If some of what I say makes you feel angry, or like you’re being attacked, please step back and consider that this is your ego instinctively trying to defend itself from a challenge that isn’t taking place. I am critiquing a philosophy: a particular way of thinking about and attempting to promote social justice through aggressive language. This article is not about you personally, and not directly about any of your friends. Every word of what I write here comes from love and respect for the essential values of open-mindedness, tolerance, reasonable debate, and bringing an end to all oppression everywhere. This article is itself a call-out, with the aim of repairing a wound that threatens our movement.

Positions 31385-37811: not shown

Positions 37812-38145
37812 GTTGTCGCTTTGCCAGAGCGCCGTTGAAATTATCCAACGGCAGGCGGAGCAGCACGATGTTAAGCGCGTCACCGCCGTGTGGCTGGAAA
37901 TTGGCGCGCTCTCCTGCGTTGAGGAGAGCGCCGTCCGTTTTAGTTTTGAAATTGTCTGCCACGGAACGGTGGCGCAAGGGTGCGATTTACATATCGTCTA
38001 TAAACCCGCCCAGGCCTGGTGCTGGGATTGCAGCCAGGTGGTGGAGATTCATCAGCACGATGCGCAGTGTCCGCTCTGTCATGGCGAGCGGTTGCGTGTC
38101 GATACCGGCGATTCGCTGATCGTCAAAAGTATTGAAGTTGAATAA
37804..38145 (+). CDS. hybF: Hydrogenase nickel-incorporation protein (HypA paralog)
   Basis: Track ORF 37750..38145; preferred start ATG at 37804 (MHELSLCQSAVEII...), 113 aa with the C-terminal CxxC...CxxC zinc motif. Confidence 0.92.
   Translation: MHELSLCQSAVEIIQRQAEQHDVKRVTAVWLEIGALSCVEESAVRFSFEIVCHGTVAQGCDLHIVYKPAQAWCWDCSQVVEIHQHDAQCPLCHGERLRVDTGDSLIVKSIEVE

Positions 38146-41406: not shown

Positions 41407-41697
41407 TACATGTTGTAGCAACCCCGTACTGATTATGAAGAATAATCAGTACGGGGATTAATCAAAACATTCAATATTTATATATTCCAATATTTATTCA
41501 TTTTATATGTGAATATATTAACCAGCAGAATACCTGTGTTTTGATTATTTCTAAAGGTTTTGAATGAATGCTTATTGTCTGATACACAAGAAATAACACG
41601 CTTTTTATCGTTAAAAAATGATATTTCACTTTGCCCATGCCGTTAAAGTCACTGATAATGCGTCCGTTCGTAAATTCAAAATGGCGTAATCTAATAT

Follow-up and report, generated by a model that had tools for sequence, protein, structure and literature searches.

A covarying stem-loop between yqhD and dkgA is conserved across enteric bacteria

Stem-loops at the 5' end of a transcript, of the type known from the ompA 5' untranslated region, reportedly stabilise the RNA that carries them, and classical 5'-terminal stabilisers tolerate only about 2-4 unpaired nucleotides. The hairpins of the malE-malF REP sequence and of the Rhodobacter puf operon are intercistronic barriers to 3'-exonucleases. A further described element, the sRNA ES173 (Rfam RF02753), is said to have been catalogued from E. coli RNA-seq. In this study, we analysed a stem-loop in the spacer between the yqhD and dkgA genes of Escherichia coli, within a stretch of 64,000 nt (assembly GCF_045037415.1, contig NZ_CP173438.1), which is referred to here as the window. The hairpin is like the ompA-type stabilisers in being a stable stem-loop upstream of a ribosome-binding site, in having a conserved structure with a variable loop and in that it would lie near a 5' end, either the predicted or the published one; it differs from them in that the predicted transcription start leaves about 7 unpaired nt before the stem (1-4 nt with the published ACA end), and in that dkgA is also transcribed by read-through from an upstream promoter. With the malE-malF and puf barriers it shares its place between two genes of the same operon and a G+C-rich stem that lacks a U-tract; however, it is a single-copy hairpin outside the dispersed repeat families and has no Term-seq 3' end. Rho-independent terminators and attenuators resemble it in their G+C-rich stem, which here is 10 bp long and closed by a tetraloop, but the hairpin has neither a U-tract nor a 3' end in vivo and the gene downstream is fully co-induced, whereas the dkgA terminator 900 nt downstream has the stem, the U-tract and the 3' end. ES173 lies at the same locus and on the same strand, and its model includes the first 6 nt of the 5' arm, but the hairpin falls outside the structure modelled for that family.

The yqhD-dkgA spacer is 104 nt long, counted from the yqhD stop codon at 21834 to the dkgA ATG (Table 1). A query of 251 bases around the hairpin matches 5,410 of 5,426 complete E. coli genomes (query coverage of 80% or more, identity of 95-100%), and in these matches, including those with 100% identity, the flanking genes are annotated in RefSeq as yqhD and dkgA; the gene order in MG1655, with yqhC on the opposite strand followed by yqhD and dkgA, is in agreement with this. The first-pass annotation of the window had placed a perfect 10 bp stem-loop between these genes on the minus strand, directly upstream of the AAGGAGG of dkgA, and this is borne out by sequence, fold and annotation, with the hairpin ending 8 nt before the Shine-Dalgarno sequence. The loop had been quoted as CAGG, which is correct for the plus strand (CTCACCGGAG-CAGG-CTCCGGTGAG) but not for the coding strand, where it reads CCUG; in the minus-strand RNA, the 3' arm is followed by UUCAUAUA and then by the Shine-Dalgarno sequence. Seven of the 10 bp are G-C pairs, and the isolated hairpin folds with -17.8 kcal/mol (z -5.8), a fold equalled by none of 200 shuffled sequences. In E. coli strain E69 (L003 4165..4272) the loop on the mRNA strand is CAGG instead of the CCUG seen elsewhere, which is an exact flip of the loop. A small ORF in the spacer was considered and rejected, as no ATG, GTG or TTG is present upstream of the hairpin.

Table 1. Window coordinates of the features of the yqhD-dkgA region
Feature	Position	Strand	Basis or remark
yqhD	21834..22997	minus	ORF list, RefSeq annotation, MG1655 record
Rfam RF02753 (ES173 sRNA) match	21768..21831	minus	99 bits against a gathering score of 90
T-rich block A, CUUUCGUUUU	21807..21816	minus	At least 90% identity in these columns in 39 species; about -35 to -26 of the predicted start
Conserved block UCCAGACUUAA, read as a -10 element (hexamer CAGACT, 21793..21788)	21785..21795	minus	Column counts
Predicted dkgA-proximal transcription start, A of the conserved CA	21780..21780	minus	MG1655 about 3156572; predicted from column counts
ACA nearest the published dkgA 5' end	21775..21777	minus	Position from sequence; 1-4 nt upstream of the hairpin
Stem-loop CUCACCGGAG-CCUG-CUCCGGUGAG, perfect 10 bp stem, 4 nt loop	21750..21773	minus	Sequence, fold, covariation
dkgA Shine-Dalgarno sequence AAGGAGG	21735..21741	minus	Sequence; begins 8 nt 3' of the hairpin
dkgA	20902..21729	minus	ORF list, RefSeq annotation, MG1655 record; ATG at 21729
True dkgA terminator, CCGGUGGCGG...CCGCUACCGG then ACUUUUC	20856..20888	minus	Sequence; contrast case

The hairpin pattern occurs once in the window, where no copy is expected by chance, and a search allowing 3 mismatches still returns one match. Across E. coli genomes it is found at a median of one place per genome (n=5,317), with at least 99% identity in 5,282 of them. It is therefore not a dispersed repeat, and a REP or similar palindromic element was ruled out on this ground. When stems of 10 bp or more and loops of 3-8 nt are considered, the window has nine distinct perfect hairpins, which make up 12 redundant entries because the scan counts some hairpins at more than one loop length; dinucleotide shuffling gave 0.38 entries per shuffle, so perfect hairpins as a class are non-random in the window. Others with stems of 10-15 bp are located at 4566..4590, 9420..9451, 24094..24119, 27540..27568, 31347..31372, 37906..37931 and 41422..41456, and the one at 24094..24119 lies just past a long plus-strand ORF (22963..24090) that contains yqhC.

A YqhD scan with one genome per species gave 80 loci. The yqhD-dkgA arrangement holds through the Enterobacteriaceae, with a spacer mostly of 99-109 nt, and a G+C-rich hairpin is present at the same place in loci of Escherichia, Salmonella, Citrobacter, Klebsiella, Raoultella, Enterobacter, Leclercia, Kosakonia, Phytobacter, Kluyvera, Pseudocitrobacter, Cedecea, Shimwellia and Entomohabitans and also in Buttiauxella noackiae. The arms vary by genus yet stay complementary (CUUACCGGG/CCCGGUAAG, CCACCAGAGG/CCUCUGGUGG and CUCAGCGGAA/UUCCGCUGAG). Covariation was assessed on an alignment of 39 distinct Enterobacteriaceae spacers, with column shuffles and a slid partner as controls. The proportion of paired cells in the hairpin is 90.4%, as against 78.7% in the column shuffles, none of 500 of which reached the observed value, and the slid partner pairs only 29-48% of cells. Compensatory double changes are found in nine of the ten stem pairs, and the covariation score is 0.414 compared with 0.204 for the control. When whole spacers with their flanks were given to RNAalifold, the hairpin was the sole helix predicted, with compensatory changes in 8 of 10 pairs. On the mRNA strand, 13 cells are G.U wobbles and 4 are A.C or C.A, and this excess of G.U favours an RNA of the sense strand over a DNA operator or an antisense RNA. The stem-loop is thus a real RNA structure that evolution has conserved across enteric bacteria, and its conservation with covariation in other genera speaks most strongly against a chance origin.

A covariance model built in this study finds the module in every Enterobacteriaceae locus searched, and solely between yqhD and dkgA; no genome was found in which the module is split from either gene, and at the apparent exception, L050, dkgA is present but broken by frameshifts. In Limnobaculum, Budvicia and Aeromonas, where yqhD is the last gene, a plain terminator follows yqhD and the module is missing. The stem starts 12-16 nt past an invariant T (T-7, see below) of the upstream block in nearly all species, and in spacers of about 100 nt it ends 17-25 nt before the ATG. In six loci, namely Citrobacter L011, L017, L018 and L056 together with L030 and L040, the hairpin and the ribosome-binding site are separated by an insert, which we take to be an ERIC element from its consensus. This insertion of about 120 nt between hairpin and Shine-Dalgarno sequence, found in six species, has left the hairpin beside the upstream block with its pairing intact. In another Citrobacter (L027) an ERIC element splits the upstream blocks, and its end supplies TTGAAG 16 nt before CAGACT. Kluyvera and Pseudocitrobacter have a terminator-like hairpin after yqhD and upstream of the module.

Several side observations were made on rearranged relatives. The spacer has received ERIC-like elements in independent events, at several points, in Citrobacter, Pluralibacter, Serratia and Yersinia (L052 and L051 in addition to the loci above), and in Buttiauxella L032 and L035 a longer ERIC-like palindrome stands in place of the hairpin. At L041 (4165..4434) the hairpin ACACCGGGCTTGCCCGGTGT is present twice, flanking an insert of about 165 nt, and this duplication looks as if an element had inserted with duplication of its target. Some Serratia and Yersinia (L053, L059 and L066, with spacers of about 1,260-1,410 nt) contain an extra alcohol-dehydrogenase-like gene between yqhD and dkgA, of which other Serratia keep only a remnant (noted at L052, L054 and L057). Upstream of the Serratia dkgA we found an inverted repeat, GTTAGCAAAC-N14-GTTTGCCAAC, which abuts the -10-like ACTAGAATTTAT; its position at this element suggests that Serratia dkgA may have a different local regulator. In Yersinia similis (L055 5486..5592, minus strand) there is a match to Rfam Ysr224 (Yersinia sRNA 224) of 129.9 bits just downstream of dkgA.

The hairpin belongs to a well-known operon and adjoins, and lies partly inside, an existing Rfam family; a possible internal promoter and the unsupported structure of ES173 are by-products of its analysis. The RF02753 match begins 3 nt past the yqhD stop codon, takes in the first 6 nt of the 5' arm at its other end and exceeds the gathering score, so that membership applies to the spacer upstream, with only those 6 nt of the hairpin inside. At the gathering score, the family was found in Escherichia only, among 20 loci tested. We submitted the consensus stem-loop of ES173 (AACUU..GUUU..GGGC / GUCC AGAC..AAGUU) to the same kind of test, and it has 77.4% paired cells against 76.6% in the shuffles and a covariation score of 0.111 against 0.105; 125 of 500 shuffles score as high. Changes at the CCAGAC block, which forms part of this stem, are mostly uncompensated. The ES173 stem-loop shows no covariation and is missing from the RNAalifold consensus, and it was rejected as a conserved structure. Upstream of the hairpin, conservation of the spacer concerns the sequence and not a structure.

If there’s a voice in your head telling you to reject this honest and heartfelt constructive criticism, I’m asking that you put that voice in a little mental box, and set it aside for a few minutes while reading. The observations here work best when considered together, which is why it’s a good idea to suspend judgment until you’ve heard all of them. If after that, when you let the critical voice out of the box, you find that you still agree with it, then maybe I’m misinterpreting what I’ve seen, or missing some important information. That possibility always exists for anyone, so I freely admit my fallibility. If that’s the case, please get in touch and we can discuss it.